Minnesota House Says Yes to Government Medical Decision-Making and Tracking Bureaucracy

Saint Paul, Minnesota -- Patients are in serious trouble as a result of today's vote in the Minnesota House, says Citizens' Council on Health Care (CCHC), who helped draft an amendment to House File 1862 to put patients and doctors in control of medical decisions.

"Lawmakers are turning over the practice of medicine to government," said Twila Brase, president of CCHC.

"Off-site outsiders with their own agendas and bias will be in charge of treatment decisions and empowered to penalize any non-compliant health care provider," she explained.

Today's vote was against the amendment, authored by Rep. Mark Olson (R-Big Lake) and supported by GOP and DFL members, to sunset last year's controversial health care "performance reporting" law in four years. The law, the subject of a statewide citizen petition campaign, requires state government to:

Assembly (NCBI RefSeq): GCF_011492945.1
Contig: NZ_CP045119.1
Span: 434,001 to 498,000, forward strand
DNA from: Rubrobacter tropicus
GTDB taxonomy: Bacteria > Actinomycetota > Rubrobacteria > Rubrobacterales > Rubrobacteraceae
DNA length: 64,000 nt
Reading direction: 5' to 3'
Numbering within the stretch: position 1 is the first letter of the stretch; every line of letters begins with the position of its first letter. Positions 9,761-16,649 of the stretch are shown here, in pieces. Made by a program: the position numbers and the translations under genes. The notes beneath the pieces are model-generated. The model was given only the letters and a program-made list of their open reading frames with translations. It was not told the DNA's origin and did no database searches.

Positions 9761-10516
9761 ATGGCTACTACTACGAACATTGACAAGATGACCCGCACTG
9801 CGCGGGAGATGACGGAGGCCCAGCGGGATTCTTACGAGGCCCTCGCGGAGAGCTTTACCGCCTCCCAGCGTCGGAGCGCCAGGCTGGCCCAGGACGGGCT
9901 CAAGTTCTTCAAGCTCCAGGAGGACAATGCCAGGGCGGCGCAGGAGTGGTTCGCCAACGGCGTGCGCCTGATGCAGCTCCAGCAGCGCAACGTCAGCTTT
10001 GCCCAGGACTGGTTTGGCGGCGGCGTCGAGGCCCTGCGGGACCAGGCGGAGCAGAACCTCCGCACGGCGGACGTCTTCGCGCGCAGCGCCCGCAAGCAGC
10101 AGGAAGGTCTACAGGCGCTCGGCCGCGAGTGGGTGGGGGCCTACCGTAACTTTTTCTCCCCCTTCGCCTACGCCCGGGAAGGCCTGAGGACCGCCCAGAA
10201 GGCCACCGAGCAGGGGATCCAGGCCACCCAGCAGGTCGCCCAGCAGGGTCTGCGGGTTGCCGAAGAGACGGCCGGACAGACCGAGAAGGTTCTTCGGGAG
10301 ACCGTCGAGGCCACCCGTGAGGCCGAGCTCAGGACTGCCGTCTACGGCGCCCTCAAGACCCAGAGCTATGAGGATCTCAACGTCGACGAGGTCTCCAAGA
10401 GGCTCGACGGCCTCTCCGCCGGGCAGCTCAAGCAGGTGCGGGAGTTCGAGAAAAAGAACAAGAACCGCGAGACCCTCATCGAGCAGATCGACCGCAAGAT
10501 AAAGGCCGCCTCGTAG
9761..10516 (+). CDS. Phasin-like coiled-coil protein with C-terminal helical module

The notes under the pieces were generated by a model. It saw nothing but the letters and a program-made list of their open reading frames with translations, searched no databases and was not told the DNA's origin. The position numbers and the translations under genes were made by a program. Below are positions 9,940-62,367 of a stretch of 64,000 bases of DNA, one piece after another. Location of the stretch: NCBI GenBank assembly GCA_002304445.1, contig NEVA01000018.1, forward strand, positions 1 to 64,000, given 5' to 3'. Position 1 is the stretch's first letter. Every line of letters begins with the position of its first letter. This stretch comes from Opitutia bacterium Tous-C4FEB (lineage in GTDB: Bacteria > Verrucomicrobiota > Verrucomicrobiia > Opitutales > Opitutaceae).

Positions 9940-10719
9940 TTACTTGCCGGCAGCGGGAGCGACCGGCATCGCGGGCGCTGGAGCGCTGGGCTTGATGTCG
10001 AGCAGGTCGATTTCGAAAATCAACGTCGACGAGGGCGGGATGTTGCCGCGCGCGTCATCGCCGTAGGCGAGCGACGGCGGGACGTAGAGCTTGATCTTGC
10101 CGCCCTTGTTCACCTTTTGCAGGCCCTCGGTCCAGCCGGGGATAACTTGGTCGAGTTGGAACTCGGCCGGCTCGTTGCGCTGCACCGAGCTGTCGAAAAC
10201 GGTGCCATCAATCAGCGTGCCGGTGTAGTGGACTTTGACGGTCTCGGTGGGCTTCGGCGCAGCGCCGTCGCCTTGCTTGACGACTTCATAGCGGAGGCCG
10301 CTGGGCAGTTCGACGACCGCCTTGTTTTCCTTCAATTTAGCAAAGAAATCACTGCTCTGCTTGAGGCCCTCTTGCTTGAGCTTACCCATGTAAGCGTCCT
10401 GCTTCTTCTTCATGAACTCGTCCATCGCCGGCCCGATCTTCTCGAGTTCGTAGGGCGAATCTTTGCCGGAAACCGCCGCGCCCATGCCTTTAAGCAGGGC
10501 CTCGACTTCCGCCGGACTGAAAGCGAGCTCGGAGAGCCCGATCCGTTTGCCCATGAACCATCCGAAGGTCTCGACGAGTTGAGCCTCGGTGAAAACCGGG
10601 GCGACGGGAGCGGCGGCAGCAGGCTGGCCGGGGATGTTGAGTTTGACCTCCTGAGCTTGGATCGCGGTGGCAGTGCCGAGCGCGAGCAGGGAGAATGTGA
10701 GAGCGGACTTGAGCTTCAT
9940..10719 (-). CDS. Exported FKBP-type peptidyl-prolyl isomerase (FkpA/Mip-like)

• decide what medical treatments are "evidence-based."
  • collect private patient medical data without patient consent to monitor health care provider compliance with these government-issued treatments.
  • create public report cards on provider compliance.

Despite the impassioned pleas of Rep. Karen Klinzing (R-Woodbury), who told how her infant son was denied medical treatment based on the so-called "evidence-based" decisions of "some task force, some board" far removed from the doctor's office, the House voted 100 - 30 to support the 2005 medical decision-making and tracking bureaucracy.

"The House said 'yes' to Big Government and 'yes' to health care rationing," said Brase.

"The House thinks controlling the physician is the answer to health care costs. They couldn't be more wrong," argued Brase. "The only question is, how many patients will be forced to suffer delay, denial, disability, or death before they figure it out."

Media Contact:

Twila Brase, President and Co-founder
Office: 651-646-8935